CINCINNATI — Two months into the rescue mission for Clifton Market, the effort is drifting toward foreclosure.
That doesn’t mean the comeback will falter, but it is more complicated than it seemed in November, when restaurant owner Gurmukh Singh won the support of Clifton Market shareholders by offering $1.8 million for the store and all of its assets.
“We’re still going to try to work a deal,” said attorney Eric Goering, who represents Clifton Market. “I need to submit a formal offer to (lenders). But we can’t do that until we know the buyer has financing to do the deal.”
Singh, owner of Elephant Walk restaurant in Clifton Heights, did not return WCPO's calls before this story was published. But in an interview late Thursday, Singh said he delivered his commitment letter on a Small Business Administration loan to his attorney this morning. He declined to provide financing details, but said the loan's approval was delayed by the federal government shutdown.
"Goering should have it today," he said. "Now, he has his work cut out for him trying to satisfy everybody."
Clifton Market has operated since 2017 as a neighborhood cooperative that replaced a closed IGA store at 319 Ludlow Ave. It’s had a troubled history, racking up about $6 million in total debt by the end of last year when it was losing about $30,000 a month.
Singh took over day-to-day management of the store in mid-November as part of his offer to buy Clifton Market. Goering is a bankruptcy attorney, hired by the Clifton Market board to evaluate Singh’s offer and advise shareholders on how to proceed.
Goering said in December that the purchase price might be enough to satisfy three lenders whose $3.1 million in mortgage debt was secured by the real estate at 319 Ludlow. But the recent court filings indicate that mortgage debt is now more than $3.2 million – and climbing.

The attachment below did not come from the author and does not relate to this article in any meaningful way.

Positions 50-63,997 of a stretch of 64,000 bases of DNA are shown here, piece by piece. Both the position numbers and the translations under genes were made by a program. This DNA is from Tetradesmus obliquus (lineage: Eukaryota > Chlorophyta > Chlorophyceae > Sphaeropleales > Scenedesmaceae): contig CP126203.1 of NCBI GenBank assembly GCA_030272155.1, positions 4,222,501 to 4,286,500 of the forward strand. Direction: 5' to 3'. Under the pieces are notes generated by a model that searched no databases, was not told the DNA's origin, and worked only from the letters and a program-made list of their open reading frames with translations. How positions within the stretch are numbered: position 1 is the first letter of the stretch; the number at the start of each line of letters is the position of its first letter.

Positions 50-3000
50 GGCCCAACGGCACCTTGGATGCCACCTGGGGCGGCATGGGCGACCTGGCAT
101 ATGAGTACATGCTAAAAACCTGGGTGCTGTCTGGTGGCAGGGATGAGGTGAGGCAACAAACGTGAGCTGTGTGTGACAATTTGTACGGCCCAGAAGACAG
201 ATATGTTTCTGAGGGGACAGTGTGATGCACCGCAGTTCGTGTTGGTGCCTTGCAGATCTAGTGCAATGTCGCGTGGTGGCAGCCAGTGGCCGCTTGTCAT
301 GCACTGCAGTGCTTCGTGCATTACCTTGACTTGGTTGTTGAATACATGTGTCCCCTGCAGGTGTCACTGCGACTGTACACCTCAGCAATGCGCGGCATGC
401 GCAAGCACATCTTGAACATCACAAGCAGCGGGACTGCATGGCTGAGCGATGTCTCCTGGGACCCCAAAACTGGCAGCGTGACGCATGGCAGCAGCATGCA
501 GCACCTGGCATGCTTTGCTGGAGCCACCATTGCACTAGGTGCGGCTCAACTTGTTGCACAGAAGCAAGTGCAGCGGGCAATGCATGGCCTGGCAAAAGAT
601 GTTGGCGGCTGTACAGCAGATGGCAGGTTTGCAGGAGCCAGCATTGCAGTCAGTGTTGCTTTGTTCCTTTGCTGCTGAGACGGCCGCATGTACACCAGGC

Arlington, Virginia-based National Cooperative Bank filed the foreclosure lawsuit in Hamilton County Common Pleas Court Dec. 19. The bank claims it was owed $1.9 million as of Dec. 17, with interest accruing at $654 per day. NCB seeks a court order to sell the property so its debt can be satisfied. An attorney for NCB declined to comment on whether the bank is open to negotiating a settlement.
Minneapolis-based Shared Capital Cooperative claims it is owed $1 million plus 7.5 percent interest since August 2018.
Shareholder Robert Bergstein joined another company, RA Third Street LLC, in a third claim on Clifton Market’s assets. They were owed $247,000 at the end of 2018, with interest still accruing, according to their court filing.
Goering answered NCB’s foreclosure complaint with a series of arguments that dispute the amount owed and assert that NCB failed to mitigate damages and follow necessary procedures in filing its complaint. He also asked for the foreclosure case to be dismissed.
In a separate action, the Ohio Bureau of Workers Compensation secured a $9,629 judgment against Clifton Market Jan. 9. It has a lien against the property for an additional $38,573.
Goering said NCB’s foreclosure action does not ask for a receiver to take control of the store. That means Singh will likely have several months to strike a deal with lenders before the court orders the property to be sold. It’s also possible that a new buyer emerges.
“I’ve had other calls of people who may be interested but no other offers,” he said.